To simplify: In the fall of other civilizations, political power became too concentrated into the centers of population, which led to those centers making decisions in their own best interest. Eventually, the folks in the outer reaches of those empires stopped participating because their voice wasn’t heard and the civilization began to crumble because those population centers didn’t recognize their importance. They produced food for those folks and provided natural land barriers for invading forces. When the folks producing your food stop caring, your civilization is in trouble.

Second, the Federal government has an important place where population does matter, in the House of Representatives. And, it is Congress, after all, where all Federal legislation is supposed to originate. There is also a population component in the electoral college vote as well.

Also, while not originally designed this way, Senators are selected by popular vote. So, while each state gets the same representation in the Senate, who is selected to be a Senator is chosen by the ‘will of the people,’ or the will of the majority of the people anyway.

So, whenever my friends lament that their vote for President counts a little less than some of their friend’s votes in other states, I encourage them to think about these two points above and to more carefully consider how they exercise their Federal political power when it comes to choosing Senators and Congressman.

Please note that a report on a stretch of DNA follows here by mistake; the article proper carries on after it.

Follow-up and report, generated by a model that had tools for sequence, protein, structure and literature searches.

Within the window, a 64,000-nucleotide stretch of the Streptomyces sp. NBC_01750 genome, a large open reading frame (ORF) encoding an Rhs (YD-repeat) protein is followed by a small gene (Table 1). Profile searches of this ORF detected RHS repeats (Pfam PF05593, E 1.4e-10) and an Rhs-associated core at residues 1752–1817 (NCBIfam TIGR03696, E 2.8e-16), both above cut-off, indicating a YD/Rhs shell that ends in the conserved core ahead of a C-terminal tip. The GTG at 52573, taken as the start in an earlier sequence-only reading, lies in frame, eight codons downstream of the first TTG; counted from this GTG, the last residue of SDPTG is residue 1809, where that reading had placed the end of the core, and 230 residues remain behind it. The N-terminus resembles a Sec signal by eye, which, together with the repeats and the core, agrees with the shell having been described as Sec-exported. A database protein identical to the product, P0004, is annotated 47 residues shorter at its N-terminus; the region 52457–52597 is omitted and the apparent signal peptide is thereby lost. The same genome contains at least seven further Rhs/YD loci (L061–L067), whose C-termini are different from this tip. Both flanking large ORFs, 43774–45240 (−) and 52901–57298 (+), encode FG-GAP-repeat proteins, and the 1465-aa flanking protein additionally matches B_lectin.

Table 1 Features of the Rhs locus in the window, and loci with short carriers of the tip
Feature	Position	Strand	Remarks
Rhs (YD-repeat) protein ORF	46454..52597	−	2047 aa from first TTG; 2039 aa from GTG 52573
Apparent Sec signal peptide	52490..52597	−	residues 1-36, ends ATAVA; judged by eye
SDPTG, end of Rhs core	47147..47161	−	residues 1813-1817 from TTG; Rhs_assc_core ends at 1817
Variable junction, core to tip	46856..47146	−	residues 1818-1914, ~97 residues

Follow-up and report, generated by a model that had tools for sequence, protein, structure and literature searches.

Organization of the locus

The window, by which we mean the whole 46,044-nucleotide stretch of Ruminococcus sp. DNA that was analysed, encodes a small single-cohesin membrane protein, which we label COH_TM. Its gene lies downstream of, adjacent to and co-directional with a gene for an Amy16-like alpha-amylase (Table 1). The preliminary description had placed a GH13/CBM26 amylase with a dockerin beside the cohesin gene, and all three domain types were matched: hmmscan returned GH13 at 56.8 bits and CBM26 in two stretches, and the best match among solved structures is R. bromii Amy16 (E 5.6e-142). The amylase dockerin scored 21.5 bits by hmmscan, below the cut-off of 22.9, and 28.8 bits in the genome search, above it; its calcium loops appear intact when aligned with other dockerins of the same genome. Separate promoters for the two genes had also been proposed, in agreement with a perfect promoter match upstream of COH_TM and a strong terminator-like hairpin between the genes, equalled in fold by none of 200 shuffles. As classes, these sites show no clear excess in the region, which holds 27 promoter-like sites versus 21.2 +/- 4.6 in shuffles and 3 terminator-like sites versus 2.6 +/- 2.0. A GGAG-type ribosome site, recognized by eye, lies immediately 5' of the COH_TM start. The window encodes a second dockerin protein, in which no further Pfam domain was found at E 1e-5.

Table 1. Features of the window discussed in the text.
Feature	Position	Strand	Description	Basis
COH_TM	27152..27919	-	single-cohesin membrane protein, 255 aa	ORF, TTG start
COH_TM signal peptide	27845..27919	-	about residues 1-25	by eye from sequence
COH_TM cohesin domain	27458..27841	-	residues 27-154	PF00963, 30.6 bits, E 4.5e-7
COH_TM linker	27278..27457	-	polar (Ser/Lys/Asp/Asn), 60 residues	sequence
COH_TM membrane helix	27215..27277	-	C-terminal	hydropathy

I bring this up now, because I so rarely see arguments against the Electoral College that addresses these specific points and I rarely see arguments in favor of the Electoral College. However, I was pleased to see that Garret Jones, at Econlog, shares my appreciation for it. Here’s his key line:

As it stands, presidential candidates are trying to appeal to the median voter in each state across a large number of states.  That’s how you get to be president.  This reduces regional tensions because candidates are never trying to get 90% of the votes in a state.   When you’re pitting 90% of one region of the country against 90% of another region of the country, you’re substantially raising the probability of social conflict.

That’s a deeper way of looking at my first point. If Presidential candidates focused on getting 90% of the vote in just the most populous states, the other states would stop caring about the United States rather quickly.